Judges at an administrative patent tribunal want to see younger, more diverse attorneys arguing before them, and they’re pushing firms to take advantage of a program designed to make that happen.
Not enough firms are using the U.S. Patent and Trademark Office’s Legal Experience and Advancement Program, also known as LEAP, which gives an edge to parties who have a less experienced attorney participating in oral argument, Patent Trial and Appeal Board judges said. PTAB judges see it as a way to boost lawyers who are typically underrepresented in the patent bar and haven’t had oral argument opportunities.
“We see this program as creating the pipeline for more diverse people to first argue before us, and then they’ll have the experience,” said Michelle Nerozzi-Ankenbrand, a senior lead administrative patent judge at the board. “So when they’re in district court, as well, or at the Federal Circuit or beyond, they can point to this experience and say to clients and other partners at the firm, ‘look, I’ve made this argument before. You can trust me, and I’ll be able to make this argument for you in district court and other cases.’”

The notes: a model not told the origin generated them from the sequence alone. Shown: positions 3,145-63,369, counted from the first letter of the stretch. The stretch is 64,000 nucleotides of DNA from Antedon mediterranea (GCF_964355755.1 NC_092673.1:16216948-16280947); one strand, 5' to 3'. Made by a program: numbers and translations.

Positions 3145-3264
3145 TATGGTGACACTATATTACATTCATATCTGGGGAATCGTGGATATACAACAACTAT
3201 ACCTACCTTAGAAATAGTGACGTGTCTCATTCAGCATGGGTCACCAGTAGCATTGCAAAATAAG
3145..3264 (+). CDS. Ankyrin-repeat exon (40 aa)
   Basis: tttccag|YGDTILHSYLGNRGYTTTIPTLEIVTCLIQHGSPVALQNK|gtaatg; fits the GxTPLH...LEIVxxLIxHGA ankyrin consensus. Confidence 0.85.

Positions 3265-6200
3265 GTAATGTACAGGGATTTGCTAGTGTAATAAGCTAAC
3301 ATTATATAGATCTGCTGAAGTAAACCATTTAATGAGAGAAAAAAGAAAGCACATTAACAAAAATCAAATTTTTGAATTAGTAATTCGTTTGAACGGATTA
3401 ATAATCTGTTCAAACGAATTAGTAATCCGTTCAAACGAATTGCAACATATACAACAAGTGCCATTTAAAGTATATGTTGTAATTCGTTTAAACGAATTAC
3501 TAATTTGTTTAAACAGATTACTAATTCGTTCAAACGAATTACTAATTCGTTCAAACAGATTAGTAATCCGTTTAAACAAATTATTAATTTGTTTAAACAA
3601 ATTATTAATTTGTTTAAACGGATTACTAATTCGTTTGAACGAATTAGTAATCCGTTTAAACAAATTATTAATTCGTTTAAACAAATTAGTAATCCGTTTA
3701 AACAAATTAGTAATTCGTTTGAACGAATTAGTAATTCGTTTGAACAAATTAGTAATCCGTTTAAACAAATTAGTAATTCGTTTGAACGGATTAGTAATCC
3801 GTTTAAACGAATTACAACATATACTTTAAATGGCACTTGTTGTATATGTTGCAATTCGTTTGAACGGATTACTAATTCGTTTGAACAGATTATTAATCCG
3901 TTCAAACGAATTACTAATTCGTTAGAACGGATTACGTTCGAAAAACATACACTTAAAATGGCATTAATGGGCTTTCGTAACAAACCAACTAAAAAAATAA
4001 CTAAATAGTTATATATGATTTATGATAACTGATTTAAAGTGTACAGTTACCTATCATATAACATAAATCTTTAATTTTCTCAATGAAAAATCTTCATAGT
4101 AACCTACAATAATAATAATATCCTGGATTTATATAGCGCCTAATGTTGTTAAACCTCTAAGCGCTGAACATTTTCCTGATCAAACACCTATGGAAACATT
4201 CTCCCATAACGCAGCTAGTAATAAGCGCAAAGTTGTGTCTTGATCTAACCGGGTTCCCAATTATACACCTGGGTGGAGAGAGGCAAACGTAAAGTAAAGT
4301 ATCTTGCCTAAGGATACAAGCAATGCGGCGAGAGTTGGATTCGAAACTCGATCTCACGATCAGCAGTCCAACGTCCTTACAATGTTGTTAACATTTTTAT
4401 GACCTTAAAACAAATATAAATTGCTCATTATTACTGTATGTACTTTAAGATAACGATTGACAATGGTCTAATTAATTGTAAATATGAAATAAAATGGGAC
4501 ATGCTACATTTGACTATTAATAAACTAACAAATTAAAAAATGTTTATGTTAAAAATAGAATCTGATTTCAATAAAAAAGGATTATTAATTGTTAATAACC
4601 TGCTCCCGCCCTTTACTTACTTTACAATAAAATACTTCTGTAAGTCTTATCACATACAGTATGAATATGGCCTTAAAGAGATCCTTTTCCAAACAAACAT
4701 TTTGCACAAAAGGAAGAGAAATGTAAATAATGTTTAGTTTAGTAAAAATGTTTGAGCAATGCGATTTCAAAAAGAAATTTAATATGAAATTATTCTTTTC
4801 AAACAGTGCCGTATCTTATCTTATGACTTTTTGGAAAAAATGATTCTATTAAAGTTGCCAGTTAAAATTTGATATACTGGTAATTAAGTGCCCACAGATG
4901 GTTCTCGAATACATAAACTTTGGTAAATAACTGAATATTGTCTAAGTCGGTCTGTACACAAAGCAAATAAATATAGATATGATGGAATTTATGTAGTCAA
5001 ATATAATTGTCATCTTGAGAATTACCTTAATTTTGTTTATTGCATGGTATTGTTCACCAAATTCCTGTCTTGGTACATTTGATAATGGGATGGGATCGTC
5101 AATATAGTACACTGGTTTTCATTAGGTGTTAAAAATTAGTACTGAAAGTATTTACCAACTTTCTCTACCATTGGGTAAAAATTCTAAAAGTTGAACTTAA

There’s room for more firms to participate, as some need to come around to feeling comfortable with a junior lawyer having a significant role in a high-stakes argument and others need to convince clients of the benefits, the judges said.
The firms that use the program the most so far tend to specialize in intellectual property and are frequent flyers at the PTAB, said Jacqueline Wright Bonilla, the board’s deputy chief judge. Those include Finnegan, Henderson, Farabow, Garrett & Dunner LLP and Sterne, Kessler, Goldstein & Fox PLLC.
Parties who have a LEAP practitioner on their team get an extra 15 minutes of argument time, and senior attorneys can step in if needed. Sixty-nine firms in total have participated since the program’s inception two years ago, but PTAB judges want to see it used more often.
Firms that have become regulars “have more confidence in knowing what we’re all about,” Bonilla said. “They’re trying to be leaders in the firm both in terms of the practice and, presumably, in the diversity of their practice as well.”
Diversifying the Pipeline
The LEAP program was designed to encourage clients and firms to use less experienced lawyers, who are generally more diverse than the more senior partners, said Chief Judge Scott Boalick.
PTAB judges had been watching what district court judges were doing and noted that some have issued standing orders that articulate policies and procedures promoting speaking opportunities for junior attorneys.
What pushed them to create LEAP, though, was a 2019 report that found women account for only 10% of attorney appearances in post-grant proceedings before the PTAB. An updated version of the study in March 2022 showed that women only made slight gains, accounting now for 12% of appearances.
“We were shocked by the result,” Bonilla said.”That was the fire under us to do what we had been thinking about already.”